This is an extremely refined and
elaborate example of Scrimshaw.
Scrimshaw is the name given to
scrollwork, engravings, and
carvings done in bone or ivory.
Typically it refers to the handiwork
created by whalers made from the
byproducts of harvesting marine
mammals. It is most commonly
made out of the bones and teeth
of sperm whales, the baleen of
other whales, and the tusks of
walruses. It takes the form of
elaborate engravings in the form
pictures and lettering on the
surface of the bone or tooth, with
the engraving highlighted using a
pigment, or, less often, small
sculptures made from the same
material. However the latter really
fall into the categories of ivory
carving, for all carved teeth and
tusks, or bone carving. The
of scrimshaw began on whaling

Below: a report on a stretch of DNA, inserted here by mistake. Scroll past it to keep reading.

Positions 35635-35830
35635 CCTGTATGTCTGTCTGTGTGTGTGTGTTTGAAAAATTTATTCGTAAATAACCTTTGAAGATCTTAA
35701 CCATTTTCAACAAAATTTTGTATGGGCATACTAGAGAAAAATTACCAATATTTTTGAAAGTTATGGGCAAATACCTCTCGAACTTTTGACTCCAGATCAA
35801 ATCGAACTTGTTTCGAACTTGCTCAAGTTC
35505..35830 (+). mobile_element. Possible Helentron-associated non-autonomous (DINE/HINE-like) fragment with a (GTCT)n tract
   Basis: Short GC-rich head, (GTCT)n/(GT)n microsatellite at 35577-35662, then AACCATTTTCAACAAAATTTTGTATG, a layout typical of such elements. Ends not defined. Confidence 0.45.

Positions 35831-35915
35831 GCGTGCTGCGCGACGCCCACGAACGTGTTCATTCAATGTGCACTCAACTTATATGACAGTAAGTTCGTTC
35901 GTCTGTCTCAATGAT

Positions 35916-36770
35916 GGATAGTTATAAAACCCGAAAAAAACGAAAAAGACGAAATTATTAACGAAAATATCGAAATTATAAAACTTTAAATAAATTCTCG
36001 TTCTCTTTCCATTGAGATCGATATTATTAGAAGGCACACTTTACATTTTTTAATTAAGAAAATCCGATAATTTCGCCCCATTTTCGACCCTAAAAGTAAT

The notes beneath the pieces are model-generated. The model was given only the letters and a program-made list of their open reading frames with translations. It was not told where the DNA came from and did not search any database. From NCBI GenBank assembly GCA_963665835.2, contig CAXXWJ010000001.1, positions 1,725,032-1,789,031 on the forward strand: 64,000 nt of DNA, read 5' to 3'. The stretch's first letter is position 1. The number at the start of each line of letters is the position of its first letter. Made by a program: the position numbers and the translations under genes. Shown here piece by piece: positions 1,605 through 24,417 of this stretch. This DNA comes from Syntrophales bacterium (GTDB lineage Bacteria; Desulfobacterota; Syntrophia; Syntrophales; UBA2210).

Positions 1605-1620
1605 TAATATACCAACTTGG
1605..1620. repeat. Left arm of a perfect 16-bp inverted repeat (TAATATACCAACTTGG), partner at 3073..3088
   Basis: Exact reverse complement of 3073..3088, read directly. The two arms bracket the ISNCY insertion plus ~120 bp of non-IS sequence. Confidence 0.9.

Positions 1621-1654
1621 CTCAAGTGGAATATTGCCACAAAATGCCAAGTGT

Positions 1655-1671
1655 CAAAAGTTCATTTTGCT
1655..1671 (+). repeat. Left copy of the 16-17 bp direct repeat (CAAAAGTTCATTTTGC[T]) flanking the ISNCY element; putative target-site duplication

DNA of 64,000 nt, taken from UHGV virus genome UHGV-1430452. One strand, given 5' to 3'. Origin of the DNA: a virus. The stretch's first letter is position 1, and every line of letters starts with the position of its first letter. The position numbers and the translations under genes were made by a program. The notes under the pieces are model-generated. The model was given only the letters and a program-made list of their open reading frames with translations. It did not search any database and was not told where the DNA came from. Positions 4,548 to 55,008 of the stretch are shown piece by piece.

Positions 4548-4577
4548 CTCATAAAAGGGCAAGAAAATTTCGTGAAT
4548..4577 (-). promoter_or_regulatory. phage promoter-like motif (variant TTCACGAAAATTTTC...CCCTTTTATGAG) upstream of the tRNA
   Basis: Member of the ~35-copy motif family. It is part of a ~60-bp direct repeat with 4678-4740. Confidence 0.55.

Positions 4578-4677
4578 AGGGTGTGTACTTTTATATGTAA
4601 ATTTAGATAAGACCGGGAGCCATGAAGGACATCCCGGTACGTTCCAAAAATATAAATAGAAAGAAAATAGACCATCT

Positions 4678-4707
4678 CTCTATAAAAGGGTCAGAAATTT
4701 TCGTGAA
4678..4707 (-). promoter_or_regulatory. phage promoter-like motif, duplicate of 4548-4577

ships between 1745 to 1759 on
the Pacific Ocean, and survived
until the ban on commercial
whaling. The practice survives as a
hobby and as a trade for
On one of the two sides of the
object, it has been depicted a
woman lifting the drapery of her
clothing, in a very natural gesture.
On the reverse side, the artist
depicted an erotic scene.
The rarity of this piece is due to
the rich polychromy employed in
the rendering of the clothing, on
both sides of the scrimshaw.
Besides the aesthetic interest of
such a lively use of colour, the
piece also represents an important
and accurate documentation of
the fashion habits of the period.